Many brokerage accounts do not offer uncovered options writing due to this risk.  Day traders often use this trading technique to leverage their returns commensurate with the added risk.

Sometimes, they can also use margin to leverage their returns.  If the trade turns against them, they might receive the dreaded margin call, which indiscriminately sells securities in the account to satisfy the margin requirement.

For these reasons (unlimited losses and margin calls), only professional traders should consider this strategy.

American Style Options vs. European Style Options

Options also come in different flavors.  Namely, American-style options vs. European-style options.

For American-style options, they can be exercised at any time prior to expiration.  Most equity options are American-styled.

European-style option can only be exercised during a specified exercise period before expiration.  Typically, the exercise period coincides with the expiration date. Index options (discussed more below) may be European-styled.

As with any contract, the rights and obligations expire after a specified time-the options expiration date.  It is important that options owners and holders recognize the distinction in the style of options.

The rights granted by the options contracts will be forfeited if the options owner fails to exercise the rights in the appropriate manner.  The options writer will be obligated to deliver shares of stock or funds if assigned on the options contacts.

How to Trade Stock Options

→ Look at companies like Robinhood, Webull and their best alternatives, many of which offer free stocks and sign-up bonuses for joining their investing services.

Out of the Money vs. At the Money vs. In the Money

When an option holds intrinsic value, meaning the option holder would receive value by exercising the option and having the underlying security assigned to them, investors consider this option as “in the money.”

For example, a Call option qualifies as “in the money” if the price of the underlying asset is higher than the option contract strike price.  If a Call option has a strike price of $75 and the stock trades for $80, the option is in the money by $5.

This same call option would be “out of the money” where these prices switched or “at the money” if equal.

Conversely, with Put options, the option is “in the money” when the underlying security price is lower than the option contract strike price, “out of the money” when reversed, and “at the money” with equal.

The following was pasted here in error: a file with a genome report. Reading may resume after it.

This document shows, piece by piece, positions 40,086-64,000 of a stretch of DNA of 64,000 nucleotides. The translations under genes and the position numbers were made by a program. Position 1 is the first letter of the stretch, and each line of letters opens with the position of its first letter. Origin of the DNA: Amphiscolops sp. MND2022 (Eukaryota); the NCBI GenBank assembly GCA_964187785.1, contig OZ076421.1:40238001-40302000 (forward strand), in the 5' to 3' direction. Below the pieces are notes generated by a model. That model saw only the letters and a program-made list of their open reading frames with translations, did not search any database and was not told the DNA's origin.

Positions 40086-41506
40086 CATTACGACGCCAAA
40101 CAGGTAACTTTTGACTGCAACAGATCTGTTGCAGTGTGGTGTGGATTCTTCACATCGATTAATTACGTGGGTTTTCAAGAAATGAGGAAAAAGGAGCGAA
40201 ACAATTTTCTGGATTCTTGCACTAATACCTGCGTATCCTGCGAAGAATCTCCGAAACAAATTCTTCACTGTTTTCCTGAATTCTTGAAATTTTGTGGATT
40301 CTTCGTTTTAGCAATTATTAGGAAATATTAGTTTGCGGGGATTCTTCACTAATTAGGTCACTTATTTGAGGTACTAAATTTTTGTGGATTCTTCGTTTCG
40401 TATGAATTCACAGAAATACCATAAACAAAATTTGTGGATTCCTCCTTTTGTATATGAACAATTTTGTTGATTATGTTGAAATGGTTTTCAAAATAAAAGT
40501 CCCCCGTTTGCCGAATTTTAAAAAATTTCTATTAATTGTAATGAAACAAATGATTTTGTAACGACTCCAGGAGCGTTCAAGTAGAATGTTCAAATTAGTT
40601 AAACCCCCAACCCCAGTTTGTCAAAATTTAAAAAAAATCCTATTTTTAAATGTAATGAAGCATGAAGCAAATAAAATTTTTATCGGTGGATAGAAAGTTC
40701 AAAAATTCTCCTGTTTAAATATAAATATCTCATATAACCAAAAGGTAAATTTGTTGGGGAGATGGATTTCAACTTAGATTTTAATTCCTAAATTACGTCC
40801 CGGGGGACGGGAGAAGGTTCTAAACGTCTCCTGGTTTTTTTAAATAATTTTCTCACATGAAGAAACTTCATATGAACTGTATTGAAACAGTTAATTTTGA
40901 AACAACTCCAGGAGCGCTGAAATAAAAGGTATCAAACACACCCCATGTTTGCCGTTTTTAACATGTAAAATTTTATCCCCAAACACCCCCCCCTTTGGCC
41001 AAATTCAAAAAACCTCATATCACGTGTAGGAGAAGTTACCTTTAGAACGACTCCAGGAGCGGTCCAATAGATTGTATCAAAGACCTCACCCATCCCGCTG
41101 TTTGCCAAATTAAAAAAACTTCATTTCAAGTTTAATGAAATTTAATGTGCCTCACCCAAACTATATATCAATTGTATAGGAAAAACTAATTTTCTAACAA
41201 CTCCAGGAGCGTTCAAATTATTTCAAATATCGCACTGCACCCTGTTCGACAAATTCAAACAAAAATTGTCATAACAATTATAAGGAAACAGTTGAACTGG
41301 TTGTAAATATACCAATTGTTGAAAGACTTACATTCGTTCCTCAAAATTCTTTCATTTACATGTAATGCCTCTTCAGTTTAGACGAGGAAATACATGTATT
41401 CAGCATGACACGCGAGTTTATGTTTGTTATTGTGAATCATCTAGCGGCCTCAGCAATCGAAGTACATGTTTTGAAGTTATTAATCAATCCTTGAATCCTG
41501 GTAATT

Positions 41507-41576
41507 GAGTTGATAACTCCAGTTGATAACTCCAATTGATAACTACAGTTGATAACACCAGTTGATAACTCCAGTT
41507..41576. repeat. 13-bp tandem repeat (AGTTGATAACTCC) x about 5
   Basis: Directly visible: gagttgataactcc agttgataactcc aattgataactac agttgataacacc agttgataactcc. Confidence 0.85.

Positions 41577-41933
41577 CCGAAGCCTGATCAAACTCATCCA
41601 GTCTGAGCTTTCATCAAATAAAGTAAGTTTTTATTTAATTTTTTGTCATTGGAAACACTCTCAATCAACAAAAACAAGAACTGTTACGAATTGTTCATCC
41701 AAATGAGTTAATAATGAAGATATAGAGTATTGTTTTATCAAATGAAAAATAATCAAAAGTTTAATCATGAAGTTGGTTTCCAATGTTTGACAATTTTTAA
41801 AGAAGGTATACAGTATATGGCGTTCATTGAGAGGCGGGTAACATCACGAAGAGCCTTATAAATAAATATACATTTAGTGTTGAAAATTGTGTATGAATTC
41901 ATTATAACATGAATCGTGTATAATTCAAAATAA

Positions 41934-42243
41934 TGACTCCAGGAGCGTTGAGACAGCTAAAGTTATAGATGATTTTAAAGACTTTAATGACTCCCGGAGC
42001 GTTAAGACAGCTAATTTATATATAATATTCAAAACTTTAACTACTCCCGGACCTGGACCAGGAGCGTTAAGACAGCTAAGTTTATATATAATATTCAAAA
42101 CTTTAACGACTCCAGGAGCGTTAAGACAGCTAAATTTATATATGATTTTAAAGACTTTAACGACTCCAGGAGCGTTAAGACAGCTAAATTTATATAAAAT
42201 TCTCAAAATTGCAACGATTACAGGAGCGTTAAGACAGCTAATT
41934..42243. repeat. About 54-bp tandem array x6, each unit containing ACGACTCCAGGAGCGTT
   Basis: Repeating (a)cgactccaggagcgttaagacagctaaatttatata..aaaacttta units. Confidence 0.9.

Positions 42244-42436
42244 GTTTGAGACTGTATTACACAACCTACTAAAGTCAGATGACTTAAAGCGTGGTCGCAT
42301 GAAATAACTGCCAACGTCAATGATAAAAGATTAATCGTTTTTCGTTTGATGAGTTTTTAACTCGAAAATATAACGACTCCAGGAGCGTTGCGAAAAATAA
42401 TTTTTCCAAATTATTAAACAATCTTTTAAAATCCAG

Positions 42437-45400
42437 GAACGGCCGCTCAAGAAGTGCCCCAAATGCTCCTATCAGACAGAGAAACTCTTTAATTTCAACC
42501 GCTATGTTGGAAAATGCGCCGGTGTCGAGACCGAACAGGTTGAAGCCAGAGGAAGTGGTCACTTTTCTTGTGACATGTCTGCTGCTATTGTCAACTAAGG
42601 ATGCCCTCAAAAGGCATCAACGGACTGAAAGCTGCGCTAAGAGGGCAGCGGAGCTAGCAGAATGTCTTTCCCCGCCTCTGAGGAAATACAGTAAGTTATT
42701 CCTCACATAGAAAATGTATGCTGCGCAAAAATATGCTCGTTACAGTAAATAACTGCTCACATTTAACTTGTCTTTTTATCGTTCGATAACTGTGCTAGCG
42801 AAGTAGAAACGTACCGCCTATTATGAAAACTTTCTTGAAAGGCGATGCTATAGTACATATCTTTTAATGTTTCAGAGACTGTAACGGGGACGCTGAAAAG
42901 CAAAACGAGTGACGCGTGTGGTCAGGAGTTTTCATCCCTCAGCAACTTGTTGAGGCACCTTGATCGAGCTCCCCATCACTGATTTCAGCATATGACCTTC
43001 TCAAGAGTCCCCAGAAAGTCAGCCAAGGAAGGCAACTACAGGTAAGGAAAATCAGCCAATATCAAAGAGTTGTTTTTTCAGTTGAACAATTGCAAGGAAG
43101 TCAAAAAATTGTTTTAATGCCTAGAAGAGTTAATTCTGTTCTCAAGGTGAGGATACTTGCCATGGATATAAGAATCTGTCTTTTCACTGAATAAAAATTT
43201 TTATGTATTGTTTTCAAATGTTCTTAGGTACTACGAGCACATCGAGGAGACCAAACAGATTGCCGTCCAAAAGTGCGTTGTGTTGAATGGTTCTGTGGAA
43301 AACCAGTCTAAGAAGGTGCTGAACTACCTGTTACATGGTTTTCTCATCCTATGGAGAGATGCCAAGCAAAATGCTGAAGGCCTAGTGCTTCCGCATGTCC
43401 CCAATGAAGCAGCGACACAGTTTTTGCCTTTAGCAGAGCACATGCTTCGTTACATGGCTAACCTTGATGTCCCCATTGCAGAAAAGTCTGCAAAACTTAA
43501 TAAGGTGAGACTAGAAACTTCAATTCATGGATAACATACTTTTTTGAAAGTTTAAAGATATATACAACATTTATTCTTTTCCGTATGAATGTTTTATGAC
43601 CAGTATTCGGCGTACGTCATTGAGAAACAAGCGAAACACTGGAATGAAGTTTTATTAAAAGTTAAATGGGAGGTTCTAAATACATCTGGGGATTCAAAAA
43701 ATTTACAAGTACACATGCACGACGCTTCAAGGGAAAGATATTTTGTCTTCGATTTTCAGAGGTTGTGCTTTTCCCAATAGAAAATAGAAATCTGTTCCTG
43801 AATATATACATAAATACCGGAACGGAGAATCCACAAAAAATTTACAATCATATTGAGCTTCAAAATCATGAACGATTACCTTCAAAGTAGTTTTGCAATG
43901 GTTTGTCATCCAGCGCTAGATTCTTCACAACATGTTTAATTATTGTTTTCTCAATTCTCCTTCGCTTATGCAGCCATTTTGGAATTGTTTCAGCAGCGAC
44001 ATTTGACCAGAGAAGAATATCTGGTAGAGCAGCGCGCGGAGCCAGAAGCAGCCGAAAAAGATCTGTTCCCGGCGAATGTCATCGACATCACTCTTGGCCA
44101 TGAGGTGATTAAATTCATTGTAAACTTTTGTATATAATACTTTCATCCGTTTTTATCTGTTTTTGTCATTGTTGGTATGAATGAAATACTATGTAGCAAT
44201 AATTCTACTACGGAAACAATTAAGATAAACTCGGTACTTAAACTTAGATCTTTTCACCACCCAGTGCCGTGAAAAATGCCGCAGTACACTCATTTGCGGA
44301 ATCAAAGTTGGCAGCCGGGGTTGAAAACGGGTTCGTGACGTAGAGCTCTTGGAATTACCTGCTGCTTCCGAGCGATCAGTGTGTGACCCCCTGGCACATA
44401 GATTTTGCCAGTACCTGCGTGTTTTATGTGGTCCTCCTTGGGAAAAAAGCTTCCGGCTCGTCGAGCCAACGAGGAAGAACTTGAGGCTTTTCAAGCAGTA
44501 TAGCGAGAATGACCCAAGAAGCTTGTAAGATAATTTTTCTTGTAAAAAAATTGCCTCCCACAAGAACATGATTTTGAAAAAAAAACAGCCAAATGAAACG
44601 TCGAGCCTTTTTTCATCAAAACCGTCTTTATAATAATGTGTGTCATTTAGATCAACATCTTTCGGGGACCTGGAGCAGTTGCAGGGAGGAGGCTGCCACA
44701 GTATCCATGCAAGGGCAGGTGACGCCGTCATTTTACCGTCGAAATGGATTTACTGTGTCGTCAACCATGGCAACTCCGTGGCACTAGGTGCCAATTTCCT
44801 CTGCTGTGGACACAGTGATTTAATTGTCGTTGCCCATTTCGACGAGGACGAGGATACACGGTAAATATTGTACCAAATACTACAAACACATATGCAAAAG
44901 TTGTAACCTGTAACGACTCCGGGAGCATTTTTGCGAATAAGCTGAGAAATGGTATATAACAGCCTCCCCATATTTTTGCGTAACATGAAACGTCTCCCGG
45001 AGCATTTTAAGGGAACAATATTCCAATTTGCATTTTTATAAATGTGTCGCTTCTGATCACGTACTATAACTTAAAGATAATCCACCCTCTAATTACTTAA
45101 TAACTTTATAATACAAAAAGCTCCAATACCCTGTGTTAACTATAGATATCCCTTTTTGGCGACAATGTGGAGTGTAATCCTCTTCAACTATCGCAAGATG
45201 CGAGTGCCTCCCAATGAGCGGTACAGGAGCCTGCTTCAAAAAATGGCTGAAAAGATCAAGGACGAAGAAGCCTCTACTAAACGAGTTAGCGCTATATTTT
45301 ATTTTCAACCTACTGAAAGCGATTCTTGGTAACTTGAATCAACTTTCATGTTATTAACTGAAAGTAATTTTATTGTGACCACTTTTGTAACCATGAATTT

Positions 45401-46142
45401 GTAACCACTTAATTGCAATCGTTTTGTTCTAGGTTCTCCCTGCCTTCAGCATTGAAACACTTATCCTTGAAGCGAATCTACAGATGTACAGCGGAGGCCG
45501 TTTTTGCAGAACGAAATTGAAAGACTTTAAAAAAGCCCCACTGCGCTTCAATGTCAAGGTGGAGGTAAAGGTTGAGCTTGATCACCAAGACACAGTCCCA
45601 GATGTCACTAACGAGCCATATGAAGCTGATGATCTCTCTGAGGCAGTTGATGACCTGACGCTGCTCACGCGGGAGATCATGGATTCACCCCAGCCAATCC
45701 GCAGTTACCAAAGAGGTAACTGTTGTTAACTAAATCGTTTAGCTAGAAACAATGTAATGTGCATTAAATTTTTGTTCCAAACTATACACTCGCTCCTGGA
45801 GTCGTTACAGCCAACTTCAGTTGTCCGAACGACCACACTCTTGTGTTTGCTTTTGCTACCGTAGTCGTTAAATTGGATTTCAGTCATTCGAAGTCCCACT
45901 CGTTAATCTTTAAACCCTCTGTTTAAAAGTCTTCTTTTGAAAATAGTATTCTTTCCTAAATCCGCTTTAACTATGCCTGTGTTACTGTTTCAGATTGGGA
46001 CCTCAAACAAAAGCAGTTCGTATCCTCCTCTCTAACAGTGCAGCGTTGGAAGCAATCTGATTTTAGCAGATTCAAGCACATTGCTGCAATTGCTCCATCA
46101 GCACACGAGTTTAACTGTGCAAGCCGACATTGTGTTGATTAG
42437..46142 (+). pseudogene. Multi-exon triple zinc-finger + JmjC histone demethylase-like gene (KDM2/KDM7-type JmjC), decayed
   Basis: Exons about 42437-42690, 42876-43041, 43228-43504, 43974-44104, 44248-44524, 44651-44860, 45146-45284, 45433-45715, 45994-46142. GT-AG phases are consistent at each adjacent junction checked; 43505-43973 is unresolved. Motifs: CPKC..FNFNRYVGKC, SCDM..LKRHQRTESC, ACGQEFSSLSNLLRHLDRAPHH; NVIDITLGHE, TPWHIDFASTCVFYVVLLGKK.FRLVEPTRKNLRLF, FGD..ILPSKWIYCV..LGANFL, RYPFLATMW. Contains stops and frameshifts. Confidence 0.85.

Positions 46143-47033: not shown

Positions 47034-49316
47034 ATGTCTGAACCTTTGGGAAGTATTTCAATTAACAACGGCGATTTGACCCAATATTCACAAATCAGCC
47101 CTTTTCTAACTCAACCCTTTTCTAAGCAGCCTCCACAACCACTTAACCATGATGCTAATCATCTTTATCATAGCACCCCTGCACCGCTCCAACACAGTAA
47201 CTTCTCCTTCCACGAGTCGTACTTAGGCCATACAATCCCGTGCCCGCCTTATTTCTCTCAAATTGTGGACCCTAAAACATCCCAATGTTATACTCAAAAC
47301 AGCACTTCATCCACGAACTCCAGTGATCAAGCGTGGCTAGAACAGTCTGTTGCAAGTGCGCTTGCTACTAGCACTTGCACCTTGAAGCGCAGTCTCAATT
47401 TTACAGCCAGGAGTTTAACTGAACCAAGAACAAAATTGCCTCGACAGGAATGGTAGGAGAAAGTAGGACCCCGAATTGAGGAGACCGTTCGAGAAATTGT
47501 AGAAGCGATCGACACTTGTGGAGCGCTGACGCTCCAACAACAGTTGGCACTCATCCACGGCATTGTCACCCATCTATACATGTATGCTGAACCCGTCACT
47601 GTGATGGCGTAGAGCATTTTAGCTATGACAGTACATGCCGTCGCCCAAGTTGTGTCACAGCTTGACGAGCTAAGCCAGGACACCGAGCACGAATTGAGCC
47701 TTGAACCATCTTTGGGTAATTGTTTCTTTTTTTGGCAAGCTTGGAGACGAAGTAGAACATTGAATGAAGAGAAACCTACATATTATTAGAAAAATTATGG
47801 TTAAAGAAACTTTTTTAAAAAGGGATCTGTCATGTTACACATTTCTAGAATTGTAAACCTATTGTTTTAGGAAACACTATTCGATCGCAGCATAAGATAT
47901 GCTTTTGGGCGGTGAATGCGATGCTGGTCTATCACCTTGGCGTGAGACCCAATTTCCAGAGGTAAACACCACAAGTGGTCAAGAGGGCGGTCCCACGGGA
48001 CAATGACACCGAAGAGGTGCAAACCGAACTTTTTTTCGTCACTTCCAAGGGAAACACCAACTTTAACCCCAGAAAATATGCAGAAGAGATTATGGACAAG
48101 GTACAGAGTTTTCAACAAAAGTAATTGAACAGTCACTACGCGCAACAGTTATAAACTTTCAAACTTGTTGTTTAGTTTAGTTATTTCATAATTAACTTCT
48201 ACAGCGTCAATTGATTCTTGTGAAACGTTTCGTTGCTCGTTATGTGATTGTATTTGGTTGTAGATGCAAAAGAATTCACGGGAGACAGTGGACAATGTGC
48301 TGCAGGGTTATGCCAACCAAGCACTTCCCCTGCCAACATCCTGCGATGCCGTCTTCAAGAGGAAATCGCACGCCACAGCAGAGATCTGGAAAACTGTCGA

What Are Options Used For?

Depending upon the options owner’s strategy and the price of the underlying security, the options owner may make one of three decisions:

  1. sell and close the options position
  2. exercise the options contract and be assigned the underlying security
  3. let the options expire worthless

In the case of choice 1, if a secondary market in the options becomes unavailable, the options owner cannot engage in closing transactions and only has choices 2 and 3 available.

For number 3, the options owner risks losing the entire investment in this case if, during the options contract period, the price of the underlying security deviates from the direction the options owner anticipated.

In other words, the investor thought a price might rise and chose to purchase a call option but instead the stock nose-dived.

In this case, the options contracts lose all or a significant portion of their value, depending on where the market price lands in relation to the strike price.

To illustrate the above example, imagine someone has a bullish view on Google’s stock.  An options owner purchases a call option thinking the stock price will rise but the stock sinks instead.

In this situation, the money spent to purchase the call option expires worthless, thereby losing the entire option contract investment.

Options help investors hedge risk, take speculative positions, or lock-in certainty.

Why Do Options Exist?

Markets crave certainty.  Options exist for the certainty they can provide in both price and expiration date but also as a hedging mechanism to safeguard a portfolio.  In other words, options can provide portfolio protection.

When an investor hedges a portfolio, this reduces the risk in one security (or portfolio) by taking an offsetting position in a related security (or securities in the case of a portfolio). Many investors also consider alternative investment options to diversify their portfolio and hedge against market volatility.

Portfolio Protection: For example, put options exist for downside portfolio protection.  If an investor owns 100 shares of SPY, a S&P 500 exchange traded fund, and purchases $270 puts when the ETF trades above that level, the investor’s downside has a limit of $270.

Even if the S&P 500 dropped to 0, this investor would have the ability to sell 100 shares at $255.  On the other hand, if the put expires worthless, the only loss recognized is the premium paid for the put option.

Puts, when combined with portfolio assets, provide downside protection to a portfolio.